We visited a nearby mountain twice while we were in Shady Cove, OR called Mt. McLoughlin. The first visit was on a very cloudy day that ended up raining on us so the pictures didn’t come out very good. So, we took another trip to it on a beautiful, clear day and got some great shots!
On our first trip we went up a dirt road as high up onto the mountain as vehicles are allowed. From there you have to hike…which we didn’t do 🙂 There was still a lot of snow on the ground and it was cold!
Our second trip we drove around to the east and south of the mountain where there are very pretty lakes. Beautiful area and definitely worth the second trip!
We took a trip to see Crater Lake one day while here in Southern Oregon. It’s beautiful! The water is a deep blue, and as it’s pure rainfall (no rivers flow into or out of the caldera) it’s the cleanest, purest water on earth.
The blue of the water was enhanced by the snow all around us! Here are some pictures:
We drove up to Crater Lake one day while here in Southern Oregon. Luckily we checked the weather before leaving, because it was in the high 70s at the RV park, but barely 34 up at Crater Lake where there’s still 10′ of snow piled up along the road and blocking the entire first floor of buildings in the area!
Crater Lake was formed by a volcanic eruption approx. 7,700 years ago. Native American sandals were found in nearby caves buried in the ash, so there were people living in the area when the volcano erupted.
Here are some pictures of the area we saw around Crater Lake:
Near where we’re staying there’s an area where the Rogue River had carved deep into the volcanic lava tubes that formed along the slopes of Mount Mazana (now Crater Lake). The gorge was formed when the river caused lava tubes to collapse through this one area. Here are some pictures:
We traveled on Sunday into Oregon and are now at a campground in Trail, Or. It’s a very small town right along the Rogue River, about 25 miles north of Medford and 5 miles north of Shady Cove.
We’re planning to visit Crater Lake and also see the area, but our plans have been disrupted a bit as Laddy has been sick. It seems like he’s got the flu that Jeff and I had several weeks ago, he’s vomiting and can’t keep any food down and doesn’t have any energy. After a day of not keeping even water down we called a local vet and they were able to see him the same afternoon, but they don’t know what’s going on. The doctor gave him an anti-vomiting shot and we’re now watching him closely and giving him sips of water that he’s now able to keep down. He has no interest in any food, and it’s been 2 days since he’s had any food. But, he has a little more life in his eyes and is able to rest a bit more than yesterday when he mostly paced around in obvious discomfort. If he can’t eat anything in the morning we’ll have to take him back to the vet and see if he can figure out what the heck is going on.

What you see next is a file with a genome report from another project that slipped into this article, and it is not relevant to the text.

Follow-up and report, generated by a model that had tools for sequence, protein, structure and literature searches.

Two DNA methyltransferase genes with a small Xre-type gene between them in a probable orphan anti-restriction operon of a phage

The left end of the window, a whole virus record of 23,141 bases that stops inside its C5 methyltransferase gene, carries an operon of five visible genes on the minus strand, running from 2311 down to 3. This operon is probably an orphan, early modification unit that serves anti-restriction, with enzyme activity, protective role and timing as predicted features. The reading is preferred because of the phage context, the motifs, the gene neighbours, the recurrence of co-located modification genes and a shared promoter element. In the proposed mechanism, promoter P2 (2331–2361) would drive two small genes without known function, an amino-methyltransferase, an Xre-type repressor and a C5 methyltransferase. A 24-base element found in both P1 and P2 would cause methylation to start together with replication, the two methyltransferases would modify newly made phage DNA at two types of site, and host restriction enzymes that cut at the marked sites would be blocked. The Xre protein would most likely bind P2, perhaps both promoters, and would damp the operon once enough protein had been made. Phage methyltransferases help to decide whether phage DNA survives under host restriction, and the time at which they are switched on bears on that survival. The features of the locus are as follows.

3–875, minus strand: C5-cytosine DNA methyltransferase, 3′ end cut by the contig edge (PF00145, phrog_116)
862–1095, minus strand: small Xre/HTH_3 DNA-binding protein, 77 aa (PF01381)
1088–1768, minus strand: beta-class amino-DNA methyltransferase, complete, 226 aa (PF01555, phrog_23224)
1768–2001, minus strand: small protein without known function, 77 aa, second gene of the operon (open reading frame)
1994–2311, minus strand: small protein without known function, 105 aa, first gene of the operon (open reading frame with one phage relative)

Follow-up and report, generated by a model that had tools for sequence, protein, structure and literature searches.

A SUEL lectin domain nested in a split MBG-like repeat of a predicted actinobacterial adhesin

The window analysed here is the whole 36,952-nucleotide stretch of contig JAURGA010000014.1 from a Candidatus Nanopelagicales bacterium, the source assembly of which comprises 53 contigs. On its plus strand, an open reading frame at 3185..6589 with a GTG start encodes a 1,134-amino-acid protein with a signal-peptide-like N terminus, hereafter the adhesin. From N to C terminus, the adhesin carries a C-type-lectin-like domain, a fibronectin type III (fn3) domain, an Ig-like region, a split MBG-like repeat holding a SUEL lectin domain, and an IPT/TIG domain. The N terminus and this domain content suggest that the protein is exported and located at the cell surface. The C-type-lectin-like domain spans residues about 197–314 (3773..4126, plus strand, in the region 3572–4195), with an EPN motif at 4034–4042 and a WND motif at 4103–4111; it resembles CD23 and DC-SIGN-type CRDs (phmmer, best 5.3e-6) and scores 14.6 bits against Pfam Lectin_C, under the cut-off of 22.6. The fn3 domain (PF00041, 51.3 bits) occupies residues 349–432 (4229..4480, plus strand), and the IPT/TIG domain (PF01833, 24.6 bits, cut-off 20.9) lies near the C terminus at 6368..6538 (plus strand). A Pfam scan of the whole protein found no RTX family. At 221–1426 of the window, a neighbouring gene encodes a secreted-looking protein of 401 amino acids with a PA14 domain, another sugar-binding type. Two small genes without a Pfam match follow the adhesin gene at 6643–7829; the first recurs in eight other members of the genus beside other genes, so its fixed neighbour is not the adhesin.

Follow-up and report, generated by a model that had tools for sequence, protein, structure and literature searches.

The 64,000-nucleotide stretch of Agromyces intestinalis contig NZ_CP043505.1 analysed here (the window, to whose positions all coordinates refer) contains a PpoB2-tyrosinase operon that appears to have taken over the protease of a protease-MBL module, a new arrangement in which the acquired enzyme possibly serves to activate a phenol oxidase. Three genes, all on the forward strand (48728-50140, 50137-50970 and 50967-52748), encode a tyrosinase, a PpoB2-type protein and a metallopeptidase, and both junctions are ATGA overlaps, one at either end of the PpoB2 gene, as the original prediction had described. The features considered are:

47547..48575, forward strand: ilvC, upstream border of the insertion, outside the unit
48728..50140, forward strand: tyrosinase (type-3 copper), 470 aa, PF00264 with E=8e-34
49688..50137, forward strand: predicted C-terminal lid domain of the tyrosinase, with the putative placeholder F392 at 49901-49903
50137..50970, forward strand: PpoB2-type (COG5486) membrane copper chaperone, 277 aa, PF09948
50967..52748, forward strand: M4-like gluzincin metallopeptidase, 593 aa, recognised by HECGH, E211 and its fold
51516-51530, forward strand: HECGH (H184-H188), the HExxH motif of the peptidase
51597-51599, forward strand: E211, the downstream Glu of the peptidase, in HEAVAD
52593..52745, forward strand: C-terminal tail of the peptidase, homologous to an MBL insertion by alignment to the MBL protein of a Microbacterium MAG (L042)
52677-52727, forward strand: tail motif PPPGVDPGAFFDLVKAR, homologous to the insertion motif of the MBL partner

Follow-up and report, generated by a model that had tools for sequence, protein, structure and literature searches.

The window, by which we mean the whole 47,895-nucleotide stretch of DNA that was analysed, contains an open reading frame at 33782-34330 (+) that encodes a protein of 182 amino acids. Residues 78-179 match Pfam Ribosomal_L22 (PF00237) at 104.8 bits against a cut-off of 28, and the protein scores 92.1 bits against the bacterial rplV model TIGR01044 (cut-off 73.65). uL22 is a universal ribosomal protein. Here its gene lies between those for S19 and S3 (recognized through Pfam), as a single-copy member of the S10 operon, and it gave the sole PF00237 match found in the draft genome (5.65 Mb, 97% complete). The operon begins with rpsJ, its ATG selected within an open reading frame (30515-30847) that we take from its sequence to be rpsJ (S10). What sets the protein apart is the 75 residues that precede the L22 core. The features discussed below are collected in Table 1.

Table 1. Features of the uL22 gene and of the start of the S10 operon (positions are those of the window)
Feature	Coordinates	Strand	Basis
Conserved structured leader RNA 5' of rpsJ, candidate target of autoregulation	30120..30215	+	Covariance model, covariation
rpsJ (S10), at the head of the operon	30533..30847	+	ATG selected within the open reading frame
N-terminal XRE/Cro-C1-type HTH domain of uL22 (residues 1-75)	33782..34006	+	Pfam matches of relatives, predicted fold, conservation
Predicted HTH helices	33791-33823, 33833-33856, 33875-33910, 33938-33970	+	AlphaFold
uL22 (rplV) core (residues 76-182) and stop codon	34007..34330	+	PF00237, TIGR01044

So…for now we’re just hanging around the trailer. Hopefully in a day or two Laddy will be back to his usual energetic and happy self and we can get back to sight-seeing!
An update to this post on Thursday afternoon – Wednesday we took him back to the vet as he wasn’t showing any interest in any food, although he was keeping small amounts of water down. They made him swallow barium and then took a series of X-rays as the barium flowed through his digestive system. It showed a foreign object blocking his intestines quite a ways in. He had to have emergency surgery but is recovering nicely and should be able to come home tomorrow or Sunday. It’s apparently a cloth toy he ate a few weeks ago while we were at the Park of the Sierra. We knew he’d eaten one and it passed within a day or so, so he must have eaten TWO things! Argh!
We took a day and drove southeast from where we’re staying to visit the Lassen Mountain Natl Park and Volcanic area. The day was very cloudy and overcast unfortunately, but it was a real nice drive.
We were surprised to learn that Lassen Mountain exploded in two volcanic eruptions just in 1915 – which is a blink of the eye in geologic terms!
As we drive up into the mountain area it got colder and finally there was still a lot of snow on the ground. We could only go as far as the “desolation area” and the rest of the road was closed until June.
The desolation area was what they called the area that was destroyed by the lava flow. There are still lava rocks laying around where they landed when they were blown out of the mountain!
People lived in the area at the time of the eruption, one man was awakened by his dog and saw the mountain bulging and smoking. He ran 3 miles to warn neighbors and they all would have died if they hadn’t gotten away as fast as they did.
He and some other people hiked up to see the damage 3 days after the eruption, and barely escaped again when it erupted again!
The mountain itself is fantastic – you can see that it was blown apart by a volcano due to the concave shape of it.
Here are pictures from our trip through the National Park and of the volcanic mountain, still covered in snow in early May!